In these wry and hilarious diaries, Shaun provides an inside look at the trials and tribulations of life in the book trade, from struggles with eccentric customers to wrangles with his own staff, who include the ski-suit-wearing, bin-foraging Nicky. He takes us with him on buying trips to old estates and auction houses, recommends books (both lost classics and new discoveries), introduces us to the thrill of the unexpected find, and evokes the rhythms and charms of small-town life, always with a sharp and sympathetic eye.
The Diary of a Bookseller by Shaun Bythell.
My Review. A wry yet sympathetic look at owning and running a bookshop. Presented in the manner of a cautionary tale, with George Orwell’s quotes as chapter headings. His love of books and bookselling is reflected in the pages. The book is in part an advisory tale about the madness of owning a bookshop. Shaun tells dolefully that booksellers are prominent among bad back sufferers.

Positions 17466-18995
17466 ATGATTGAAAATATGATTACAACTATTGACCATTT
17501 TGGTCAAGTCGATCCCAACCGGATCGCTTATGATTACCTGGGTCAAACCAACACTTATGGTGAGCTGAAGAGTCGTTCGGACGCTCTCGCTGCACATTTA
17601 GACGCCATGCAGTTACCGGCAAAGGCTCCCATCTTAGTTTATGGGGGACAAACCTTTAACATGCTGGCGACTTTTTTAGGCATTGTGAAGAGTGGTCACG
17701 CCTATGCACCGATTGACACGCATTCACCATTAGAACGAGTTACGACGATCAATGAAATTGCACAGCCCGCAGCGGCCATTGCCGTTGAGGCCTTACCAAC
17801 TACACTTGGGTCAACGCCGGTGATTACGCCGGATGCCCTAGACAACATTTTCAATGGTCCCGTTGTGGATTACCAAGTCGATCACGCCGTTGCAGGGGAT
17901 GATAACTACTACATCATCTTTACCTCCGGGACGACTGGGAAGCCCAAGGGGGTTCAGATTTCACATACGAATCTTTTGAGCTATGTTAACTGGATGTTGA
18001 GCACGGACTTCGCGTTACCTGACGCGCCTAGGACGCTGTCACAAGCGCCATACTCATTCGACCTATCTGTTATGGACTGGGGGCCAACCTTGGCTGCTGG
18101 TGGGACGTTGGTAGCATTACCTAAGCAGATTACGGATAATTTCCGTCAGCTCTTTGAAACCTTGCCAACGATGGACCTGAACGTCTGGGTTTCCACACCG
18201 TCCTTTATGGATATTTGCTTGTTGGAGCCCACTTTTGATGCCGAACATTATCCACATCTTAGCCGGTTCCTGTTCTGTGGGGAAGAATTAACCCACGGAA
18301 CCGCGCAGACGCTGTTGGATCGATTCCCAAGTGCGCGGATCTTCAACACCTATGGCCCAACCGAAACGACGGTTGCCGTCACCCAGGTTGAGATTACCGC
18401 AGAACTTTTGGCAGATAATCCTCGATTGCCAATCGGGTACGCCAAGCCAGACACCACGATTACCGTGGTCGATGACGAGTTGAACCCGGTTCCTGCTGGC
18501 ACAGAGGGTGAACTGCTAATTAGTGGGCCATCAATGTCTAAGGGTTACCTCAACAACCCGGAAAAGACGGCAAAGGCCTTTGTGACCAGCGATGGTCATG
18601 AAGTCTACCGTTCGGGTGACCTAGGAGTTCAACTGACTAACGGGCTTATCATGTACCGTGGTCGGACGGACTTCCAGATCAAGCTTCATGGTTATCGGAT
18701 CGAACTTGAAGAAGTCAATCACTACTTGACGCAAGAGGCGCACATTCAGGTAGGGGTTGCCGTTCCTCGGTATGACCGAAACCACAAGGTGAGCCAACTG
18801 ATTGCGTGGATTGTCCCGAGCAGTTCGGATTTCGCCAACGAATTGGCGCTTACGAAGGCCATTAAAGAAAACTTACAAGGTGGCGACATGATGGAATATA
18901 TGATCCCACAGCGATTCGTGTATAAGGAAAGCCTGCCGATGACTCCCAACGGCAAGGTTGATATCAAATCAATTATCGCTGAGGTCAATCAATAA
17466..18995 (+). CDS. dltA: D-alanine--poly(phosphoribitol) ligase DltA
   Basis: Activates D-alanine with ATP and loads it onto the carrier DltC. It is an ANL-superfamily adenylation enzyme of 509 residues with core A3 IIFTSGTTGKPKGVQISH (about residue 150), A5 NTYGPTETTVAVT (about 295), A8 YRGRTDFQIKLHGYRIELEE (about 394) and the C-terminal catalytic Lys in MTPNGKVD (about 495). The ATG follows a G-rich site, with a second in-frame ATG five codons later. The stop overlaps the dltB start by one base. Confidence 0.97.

It’s more a book to be dipped in and out of than to be read in a sitting.
Eleven books that I read this month and as always it’s an idiosyncratic collection. I source books from my local library, they do a terrific job and usually have tempting to displays of new books. I also read on my Kindle, and although I prefer the physicality of a book the Kindle has it beaten for sheer convenience. These days I read on the Ipad, which is even easier.
I’m happy to take a chance on a book because the cover or its blurb appeal to me. I also review some books for Net Galley. Or, I choose a book because I read a review, or because a friend recommended it.